APU fighters surrendering en masse in #Debaltseve http://translate.google.com/translate?h ... s%2F150007

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Re: Eastern Europe/Ukraine [Feb 6th 2015]

Postby Shreeman » 17 Feb 2015 05:59

Tuvaluan wrote:
Shreeman wrote:There is no proof "they" lied to a US politician. T


So the Senator's protests at being given doctored photos is just for effect? Wouldn't it be better for the senator to not say anything at all in that case? rather than say something and have Poroshenko's group give a lame non-response? all of this just to rebut the NYT article on the subject? Media coverage has been this way in the past too, except there was no social media to catch inconsistencies in the propaganda, sort of how news consumers confuse more sensational reportage of crime as being an indicator of actual increase in crime statistics.


Come on resident-e-tuvalu, forgetting colin-bin-powell, are we? No one cares about truth, the outcome is rigged but you still need powerpoint slides to waste the necessary time. Truth is stranger than fiction. No one lied to anyone, but in the speech. Random canned response, just like colin-bin-powell. Matter dead, concluded.

You are really over-emphasizing social media power. It is entirely disenfrenchised in the US exCept for shock/awe/gore subjects. The social media readers dont really vote.

Tuvaluan
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Re: Eastern Europe/Ukraine [Feb 6th 2015]

Postby Tuvaluan » 17 Feb 2015 06:43

You are really over-emphasizing social media power. It is entirely disenfrenchised in the US exCept for shock/awe/gore subjects. The social media readers dont really vote.


Shree Shreeman, You misunderstand. I think social media is pretty lame -- it can only destroy the lives of ordinary people...it swallows propaganda just like the other media, and amplifies falsehoods just like mass media. (I did mention Colin "YellowCake" powell and his fabrications in the UN before starting another war).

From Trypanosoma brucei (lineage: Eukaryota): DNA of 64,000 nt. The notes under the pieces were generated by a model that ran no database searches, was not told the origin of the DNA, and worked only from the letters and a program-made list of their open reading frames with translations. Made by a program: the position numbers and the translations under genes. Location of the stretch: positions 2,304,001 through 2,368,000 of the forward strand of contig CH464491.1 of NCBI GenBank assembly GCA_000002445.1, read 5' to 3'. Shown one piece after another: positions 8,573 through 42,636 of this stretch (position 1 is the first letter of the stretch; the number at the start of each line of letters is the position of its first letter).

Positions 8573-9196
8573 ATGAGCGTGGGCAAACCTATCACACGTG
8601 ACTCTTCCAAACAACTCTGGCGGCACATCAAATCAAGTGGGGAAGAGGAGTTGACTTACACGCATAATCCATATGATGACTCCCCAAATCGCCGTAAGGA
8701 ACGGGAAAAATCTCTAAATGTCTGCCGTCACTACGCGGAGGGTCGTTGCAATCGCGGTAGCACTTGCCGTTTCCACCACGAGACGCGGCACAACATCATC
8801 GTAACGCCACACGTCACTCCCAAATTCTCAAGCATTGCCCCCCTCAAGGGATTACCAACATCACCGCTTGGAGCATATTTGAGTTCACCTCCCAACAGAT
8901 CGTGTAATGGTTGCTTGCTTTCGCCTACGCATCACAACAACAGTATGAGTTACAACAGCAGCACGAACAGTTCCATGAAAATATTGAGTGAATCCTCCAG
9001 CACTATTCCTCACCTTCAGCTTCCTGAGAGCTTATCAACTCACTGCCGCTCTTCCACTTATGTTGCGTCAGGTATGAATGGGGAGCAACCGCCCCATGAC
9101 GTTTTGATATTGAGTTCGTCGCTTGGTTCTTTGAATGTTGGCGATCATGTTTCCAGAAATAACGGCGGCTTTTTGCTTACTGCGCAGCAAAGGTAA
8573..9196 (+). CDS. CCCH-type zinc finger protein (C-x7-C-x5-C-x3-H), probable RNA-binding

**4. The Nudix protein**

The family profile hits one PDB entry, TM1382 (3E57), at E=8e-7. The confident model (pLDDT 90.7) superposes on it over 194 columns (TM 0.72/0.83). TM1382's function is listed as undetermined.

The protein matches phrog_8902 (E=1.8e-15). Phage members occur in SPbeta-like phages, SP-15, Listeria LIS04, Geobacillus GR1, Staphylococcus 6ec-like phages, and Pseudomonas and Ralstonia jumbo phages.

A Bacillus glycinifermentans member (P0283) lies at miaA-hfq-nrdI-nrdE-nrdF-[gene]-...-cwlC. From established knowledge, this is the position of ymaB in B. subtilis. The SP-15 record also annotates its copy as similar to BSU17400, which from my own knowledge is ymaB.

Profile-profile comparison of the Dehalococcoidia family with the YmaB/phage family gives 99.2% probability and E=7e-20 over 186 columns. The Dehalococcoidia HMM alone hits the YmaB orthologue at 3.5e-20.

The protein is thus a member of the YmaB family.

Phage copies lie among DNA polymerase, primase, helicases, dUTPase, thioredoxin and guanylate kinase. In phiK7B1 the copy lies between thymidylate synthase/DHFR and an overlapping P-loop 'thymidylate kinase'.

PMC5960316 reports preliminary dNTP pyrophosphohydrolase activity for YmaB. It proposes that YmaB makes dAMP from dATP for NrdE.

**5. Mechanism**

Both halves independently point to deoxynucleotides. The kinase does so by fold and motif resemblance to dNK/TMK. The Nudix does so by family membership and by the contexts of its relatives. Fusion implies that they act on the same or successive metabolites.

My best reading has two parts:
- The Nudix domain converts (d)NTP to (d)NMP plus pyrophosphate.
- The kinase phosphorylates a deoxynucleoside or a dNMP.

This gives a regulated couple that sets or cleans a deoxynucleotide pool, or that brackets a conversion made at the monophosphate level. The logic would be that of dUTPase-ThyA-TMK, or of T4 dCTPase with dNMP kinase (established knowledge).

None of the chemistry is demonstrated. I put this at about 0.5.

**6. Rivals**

I just mean that for bored Tuvalu citizens that don't have electricity or cellphones, it is easier to see discrepancies between the official position and the random chatter by unknown people with verifiable creds of being closer to different sides of the game.

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Re: Eastern Europe/Ukraine [Feb 6th 2015]

Postby UlanBatori » 17 Feb 2015 08:14

Troop Brenegar ‏@autarkes 7 minutes ago

@andersostlund @MaxRTucker @rConflictNews #Ukraine #haiku No food, just water Highway mined stem to stern #Debaltseve holds.


Seems like "Da Boy Hu Stood On Da Burning Deck"

Here it is "Da Boys Who Crouched In Da Freezing Ruin".

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Re: Eastern Europe/Ukraine [Feb 6th 2015]

Postby Shreeman » 17 Feb 2015 08:26

^^^ It is all a lie, comical Ali style. No one can defeat the superior western trained RightSector Cyborg army, and there is no cauldron, sorry, kettle. It is all Putin's propaganda, or it would be on BBC already.

Puts fingers in *both* ears until they meet in the middle --- lalalalalalala....